If laissez-faire economics served the people best, it would already have happened. But until our leaders stop serving the interests of their campaign donors and start representing their constituents, the economy will continue to struggle; the sacred line of communication between the people and their elected officials has been severed. Unless Capitol Hill replaces corporate interests with the people’s interests, look to see the bitter partisanship that has stifled the betterment of our country. It is not small government that drives the economy, it is government that acts to serve its voters honestly.

How likely are you to make Mic your go-to news source?

Grant Ferowich

Grant studies at Wake Forest, where he majors in philosophy and economics.

MORE FROM

Kshama Sawant on why Seattle needs an independent investigation into the Charleena Lyles shooting

Seattle City Councilperson Kshama Sawant, member of Socialist Alternative party, discusses the Charleena Lyles investigation, tenant voter registration, why Hillary Clinton lost in 2016 and more.

The EPA seeks to undo clean water rule, putting 117 million Americans' water at risk

The new rule could have "long-reaching consequences for everyone living in the United States.”

This small Ohio town might stop treating heroin overdoses to save the city money

"People will die. It's plain and simple."

Here's what New York's first official LGBTQ monument will look like

Here's our first look at New York's new monument to LGBT communities.

How will Trump's travel ban be enforced? Here's what the Supreme Court's decision really means.

The Supreme Court's order prevents most of the ban from taking effect before the case is heard, with limited exceptions.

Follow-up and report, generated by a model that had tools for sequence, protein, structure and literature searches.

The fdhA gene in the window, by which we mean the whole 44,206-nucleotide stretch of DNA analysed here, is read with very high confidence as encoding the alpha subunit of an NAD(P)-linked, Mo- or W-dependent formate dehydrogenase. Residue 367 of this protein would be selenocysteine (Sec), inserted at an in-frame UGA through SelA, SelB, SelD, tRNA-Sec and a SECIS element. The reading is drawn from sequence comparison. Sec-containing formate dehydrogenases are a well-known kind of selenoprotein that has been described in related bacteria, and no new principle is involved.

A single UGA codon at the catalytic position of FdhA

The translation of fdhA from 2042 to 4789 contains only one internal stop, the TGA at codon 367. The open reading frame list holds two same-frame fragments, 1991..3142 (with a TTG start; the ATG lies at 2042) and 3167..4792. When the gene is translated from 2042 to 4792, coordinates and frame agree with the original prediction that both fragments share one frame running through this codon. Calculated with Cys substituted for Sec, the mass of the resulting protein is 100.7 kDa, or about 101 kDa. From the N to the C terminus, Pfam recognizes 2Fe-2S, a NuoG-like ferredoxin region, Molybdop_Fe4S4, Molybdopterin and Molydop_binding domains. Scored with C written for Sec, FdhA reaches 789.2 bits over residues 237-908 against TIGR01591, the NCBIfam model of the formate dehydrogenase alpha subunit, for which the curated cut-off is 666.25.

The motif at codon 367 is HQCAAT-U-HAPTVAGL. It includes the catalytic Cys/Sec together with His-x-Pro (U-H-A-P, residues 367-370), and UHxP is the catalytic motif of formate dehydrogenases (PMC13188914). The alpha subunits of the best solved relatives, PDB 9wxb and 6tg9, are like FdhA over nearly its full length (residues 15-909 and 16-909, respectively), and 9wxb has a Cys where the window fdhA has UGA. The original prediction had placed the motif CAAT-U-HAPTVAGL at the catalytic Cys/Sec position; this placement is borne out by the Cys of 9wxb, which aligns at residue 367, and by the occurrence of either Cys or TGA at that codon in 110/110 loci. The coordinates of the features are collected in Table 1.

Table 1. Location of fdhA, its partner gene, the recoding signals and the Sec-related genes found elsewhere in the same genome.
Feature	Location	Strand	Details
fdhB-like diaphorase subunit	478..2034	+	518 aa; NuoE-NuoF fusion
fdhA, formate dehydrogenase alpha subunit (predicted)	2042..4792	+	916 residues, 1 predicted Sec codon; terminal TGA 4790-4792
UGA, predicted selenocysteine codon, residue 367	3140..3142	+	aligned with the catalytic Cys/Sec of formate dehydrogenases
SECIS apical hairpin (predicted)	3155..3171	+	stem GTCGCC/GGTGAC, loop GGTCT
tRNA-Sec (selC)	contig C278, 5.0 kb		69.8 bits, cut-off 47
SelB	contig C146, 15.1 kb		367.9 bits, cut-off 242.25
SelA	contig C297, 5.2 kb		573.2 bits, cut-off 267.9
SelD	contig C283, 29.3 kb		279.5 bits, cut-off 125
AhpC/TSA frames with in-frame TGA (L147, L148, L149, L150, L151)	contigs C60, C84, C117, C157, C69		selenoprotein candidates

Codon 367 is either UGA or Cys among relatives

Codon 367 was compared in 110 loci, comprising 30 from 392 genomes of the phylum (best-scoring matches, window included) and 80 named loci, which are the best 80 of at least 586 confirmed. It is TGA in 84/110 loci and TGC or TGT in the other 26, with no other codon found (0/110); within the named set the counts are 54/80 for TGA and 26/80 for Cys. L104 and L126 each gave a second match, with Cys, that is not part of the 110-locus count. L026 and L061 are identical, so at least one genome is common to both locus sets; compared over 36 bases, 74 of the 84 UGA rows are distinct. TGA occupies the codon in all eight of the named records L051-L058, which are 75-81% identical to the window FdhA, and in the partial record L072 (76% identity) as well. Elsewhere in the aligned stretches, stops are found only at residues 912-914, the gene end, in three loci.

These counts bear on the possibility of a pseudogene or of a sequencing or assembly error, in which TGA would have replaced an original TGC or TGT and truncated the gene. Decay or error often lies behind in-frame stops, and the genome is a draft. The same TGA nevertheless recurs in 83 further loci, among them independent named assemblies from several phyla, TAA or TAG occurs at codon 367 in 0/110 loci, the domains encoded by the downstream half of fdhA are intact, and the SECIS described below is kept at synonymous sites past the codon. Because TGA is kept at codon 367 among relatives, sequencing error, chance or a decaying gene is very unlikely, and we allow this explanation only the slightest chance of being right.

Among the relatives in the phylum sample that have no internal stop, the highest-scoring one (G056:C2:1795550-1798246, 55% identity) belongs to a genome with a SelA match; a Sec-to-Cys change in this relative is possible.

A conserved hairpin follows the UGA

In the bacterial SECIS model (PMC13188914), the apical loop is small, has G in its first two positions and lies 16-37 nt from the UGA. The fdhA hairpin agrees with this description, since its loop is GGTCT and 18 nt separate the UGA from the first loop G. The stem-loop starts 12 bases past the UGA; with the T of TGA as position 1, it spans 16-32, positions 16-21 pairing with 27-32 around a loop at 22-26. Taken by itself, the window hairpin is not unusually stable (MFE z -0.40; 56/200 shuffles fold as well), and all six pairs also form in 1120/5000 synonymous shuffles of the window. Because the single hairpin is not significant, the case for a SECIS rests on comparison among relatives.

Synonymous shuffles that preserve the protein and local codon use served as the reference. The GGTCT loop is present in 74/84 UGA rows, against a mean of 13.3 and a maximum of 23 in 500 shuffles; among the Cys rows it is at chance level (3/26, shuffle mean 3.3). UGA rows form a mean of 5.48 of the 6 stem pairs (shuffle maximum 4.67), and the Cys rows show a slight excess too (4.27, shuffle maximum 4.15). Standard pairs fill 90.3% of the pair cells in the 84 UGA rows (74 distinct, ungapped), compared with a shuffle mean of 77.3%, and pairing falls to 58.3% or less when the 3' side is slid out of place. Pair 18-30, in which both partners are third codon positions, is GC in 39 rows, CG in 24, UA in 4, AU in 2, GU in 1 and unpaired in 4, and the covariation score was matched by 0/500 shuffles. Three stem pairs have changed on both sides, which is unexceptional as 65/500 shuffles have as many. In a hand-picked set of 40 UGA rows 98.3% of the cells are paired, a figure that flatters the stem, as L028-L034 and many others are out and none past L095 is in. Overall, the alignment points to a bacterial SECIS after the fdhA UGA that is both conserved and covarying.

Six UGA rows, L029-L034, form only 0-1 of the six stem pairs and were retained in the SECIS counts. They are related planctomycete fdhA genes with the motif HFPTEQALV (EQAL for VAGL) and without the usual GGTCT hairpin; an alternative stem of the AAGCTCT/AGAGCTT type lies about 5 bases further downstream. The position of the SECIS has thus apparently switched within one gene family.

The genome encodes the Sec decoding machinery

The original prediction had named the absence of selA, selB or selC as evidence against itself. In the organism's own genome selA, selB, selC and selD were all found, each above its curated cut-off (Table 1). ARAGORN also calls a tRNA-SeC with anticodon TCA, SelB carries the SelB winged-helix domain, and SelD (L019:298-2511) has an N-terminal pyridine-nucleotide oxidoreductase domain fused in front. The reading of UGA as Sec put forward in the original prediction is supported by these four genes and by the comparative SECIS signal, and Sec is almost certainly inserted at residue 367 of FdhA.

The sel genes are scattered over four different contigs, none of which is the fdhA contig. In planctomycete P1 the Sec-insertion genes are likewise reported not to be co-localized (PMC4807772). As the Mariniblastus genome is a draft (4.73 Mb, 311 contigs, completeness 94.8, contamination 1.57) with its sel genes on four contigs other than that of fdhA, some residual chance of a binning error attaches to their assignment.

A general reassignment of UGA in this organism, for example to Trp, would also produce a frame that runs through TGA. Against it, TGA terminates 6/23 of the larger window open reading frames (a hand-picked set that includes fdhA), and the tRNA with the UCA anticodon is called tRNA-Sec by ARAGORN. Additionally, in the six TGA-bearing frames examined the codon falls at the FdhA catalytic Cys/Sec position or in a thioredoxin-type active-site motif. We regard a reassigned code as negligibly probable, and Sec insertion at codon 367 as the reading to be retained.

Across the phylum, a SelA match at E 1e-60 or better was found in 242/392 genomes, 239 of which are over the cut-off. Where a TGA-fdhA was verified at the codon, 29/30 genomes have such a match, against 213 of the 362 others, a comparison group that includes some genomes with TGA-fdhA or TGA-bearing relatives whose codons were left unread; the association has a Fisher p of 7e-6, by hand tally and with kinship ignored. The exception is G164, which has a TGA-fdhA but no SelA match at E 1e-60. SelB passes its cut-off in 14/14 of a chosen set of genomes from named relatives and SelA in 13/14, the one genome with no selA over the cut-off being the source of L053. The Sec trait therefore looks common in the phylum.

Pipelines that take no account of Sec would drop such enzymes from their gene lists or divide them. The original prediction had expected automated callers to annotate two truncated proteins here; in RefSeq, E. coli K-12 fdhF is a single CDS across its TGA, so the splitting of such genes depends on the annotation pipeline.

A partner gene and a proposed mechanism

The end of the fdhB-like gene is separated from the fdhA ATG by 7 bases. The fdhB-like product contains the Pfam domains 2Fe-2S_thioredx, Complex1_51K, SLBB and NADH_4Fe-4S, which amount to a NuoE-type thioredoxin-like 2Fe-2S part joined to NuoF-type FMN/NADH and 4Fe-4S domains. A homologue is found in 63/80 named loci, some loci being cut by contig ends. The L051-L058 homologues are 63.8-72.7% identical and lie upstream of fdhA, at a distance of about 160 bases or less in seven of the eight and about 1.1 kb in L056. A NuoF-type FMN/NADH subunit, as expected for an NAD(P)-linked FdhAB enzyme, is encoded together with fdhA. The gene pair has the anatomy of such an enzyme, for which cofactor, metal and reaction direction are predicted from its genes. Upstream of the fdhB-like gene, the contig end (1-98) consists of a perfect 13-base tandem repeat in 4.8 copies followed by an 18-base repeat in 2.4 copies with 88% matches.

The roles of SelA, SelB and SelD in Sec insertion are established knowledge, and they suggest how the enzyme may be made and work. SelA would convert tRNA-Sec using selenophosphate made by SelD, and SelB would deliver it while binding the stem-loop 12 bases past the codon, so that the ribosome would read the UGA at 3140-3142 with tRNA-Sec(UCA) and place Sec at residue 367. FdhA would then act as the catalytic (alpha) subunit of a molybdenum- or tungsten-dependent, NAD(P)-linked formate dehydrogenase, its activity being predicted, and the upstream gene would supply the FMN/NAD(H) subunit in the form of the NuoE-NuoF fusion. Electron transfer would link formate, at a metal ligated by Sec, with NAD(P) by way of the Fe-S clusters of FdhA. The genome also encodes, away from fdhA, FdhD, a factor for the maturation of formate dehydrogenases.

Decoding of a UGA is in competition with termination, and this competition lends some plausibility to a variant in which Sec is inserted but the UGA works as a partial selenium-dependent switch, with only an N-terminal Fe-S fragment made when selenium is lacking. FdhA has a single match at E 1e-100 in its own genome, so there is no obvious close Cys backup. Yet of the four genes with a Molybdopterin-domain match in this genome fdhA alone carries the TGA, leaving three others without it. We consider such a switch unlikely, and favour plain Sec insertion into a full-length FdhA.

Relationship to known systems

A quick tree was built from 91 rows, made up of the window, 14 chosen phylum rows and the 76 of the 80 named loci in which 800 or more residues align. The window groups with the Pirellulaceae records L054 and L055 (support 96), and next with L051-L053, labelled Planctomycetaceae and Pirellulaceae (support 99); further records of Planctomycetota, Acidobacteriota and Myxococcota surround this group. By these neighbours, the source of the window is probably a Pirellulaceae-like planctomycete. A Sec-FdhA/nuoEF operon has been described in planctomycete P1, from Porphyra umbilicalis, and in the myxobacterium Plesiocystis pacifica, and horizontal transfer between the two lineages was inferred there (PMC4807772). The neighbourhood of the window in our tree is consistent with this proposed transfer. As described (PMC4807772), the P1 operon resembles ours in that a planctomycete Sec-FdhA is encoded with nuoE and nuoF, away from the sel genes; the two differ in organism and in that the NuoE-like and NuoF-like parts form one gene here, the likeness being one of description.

Tick saliva could be the key to fighting a dangerous heart condition

Ticks could hold the secret to treating this heart condition.

Kshama Sawant on why Seattle needs an independent investigation into the Charleena Lyles shooting

Seattle City Councilperson Kshama Sawant, member of Socialist Alternative party, discusses the Charleena Lyles investigation, tenant voter registration, why Hillary Clinton lost in 2016 and more.

The EPA seeks to undo clean water rule, putting 117 million Americans' water at risk

The new rule could have "long-reaching consequences for everyone living in the United States.”

This small Ohio town might stop treating heroin overdoses to save the city money

"People will die. It's plain and simple."

Here's what New York's first official LGBTQ monument will look like

Here's our first look at New York's new monument to LGBT communities.

How will Trump's travel ban be enforced? Here's what the Supreme Court's decision really means.

The Supreme Court's order prevents most of the ban from taking effect before the case is heard, with limited exceptions.

Tick saliva could be the key to fighting a dangerous heart condition

Ticks could hold the secret to treating this heart condition.